# Wick rotation is consistent with caculus?

1. Aug 23, 2009

### PRB147

knowing the action
$$S[x(t)]=\int_0^\infty dt'\left[\frac{m}{2}\left(\frac{dx}{dt'}\right)^2-V(x)\right]$$
After the so-called wick's rotation$$t'=-i\tau$$ with $$\tau$$ being real,
the action becomes
$$S[x(t)]=i\int_0^\infty d\tau\left[\frac{m}{2}\left(\frac{dx}{d\tau}\right)^2+V(x)\right]$$
my question is why the upper limit of the integral in the secong equation is still $$\infty$$?
I think ist should be $$+i\infty$$

2. Aug 23, 2009

### humanino

Because it is not merely a change of variable : it is really a rotation in the complex plane. A Wick rotation is usually equivalent to a so-called "i$\epsilon$" prescription : you want to define a contour in the complex plane avoiding the singularities of your integrand on a precise side (up or down, right or left). Usually you do that because your integrand is well behaved at infinity only in certain directions.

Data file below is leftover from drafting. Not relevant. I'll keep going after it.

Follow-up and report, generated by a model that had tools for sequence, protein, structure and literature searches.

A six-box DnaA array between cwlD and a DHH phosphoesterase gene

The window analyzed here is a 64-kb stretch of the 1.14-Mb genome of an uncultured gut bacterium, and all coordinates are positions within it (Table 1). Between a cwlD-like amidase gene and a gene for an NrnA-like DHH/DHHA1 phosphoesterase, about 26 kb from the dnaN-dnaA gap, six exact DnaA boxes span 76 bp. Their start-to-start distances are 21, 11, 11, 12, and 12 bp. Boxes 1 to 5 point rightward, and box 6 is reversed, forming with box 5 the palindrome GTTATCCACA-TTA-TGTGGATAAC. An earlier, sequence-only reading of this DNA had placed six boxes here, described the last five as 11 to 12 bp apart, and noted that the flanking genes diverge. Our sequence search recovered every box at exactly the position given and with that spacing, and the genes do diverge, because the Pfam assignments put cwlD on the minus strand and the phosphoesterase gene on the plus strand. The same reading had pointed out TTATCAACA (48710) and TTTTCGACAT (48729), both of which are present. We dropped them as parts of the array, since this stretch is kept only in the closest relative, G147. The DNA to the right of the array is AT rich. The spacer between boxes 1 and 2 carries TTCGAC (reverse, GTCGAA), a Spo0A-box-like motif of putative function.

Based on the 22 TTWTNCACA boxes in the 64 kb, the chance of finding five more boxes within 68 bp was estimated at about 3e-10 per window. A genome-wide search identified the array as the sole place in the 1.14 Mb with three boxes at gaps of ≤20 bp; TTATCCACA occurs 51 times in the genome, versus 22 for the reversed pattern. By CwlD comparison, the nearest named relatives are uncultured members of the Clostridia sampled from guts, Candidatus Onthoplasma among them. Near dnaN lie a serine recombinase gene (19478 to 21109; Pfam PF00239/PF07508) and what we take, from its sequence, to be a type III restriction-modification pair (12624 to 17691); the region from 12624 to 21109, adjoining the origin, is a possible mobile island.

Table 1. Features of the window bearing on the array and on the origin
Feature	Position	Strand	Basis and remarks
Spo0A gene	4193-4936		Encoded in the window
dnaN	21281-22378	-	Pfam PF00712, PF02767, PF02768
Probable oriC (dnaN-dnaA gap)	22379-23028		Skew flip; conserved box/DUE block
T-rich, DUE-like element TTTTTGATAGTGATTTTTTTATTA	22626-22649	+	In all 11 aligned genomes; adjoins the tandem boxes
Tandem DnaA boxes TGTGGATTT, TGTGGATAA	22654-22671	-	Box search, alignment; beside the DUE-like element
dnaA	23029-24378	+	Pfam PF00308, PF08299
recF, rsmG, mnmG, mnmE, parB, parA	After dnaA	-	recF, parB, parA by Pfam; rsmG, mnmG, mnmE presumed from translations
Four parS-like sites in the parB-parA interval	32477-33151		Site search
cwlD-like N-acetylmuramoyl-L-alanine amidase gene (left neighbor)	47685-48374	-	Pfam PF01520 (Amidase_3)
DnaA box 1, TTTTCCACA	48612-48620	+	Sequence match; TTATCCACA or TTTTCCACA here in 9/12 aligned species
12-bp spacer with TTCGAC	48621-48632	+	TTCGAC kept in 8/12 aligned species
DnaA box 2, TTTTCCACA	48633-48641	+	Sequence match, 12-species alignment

If I understand correctly, "calculus" refers to "real analysis". A Wick rotation involves complex analysis. If that can cheer you up, complex analysis is very different from real analysis, and in many regards more powerful, so I would say more fun to use.

3. Aug 23, 2009

### PRB147

Do you mean the origin, the positive real axis and positive imaginary axis constitute a
closed contour?

4. Aug 23, 2009

### RedX

So by "usually" do you mean that a Wick rotation in position space is almost the same as doing the Wick rotation in momentum space, but not always?

Because when you have the $$i\epsilon$$ prescription in momentum space, you know where your singularities are, so you can perform a Wick rotation. But in position space you just perform a Wick rotation without knowing where the singularities are.

5. Aug 23, 2009

### Parlyne

No. Wick rotation generally proceeds through a quadrant of the complex plane where the integrand is strictly zero at infinity. So, the contour actually involves (in the case you cite) the positive real axis, a 90 degree arc at infinity and the positive complex axis.

6. Aug 23, 2009

### humanino

Well I hope that the potential V can be treated pertubatively around a minimum (steepest descent) as usual in momentum space.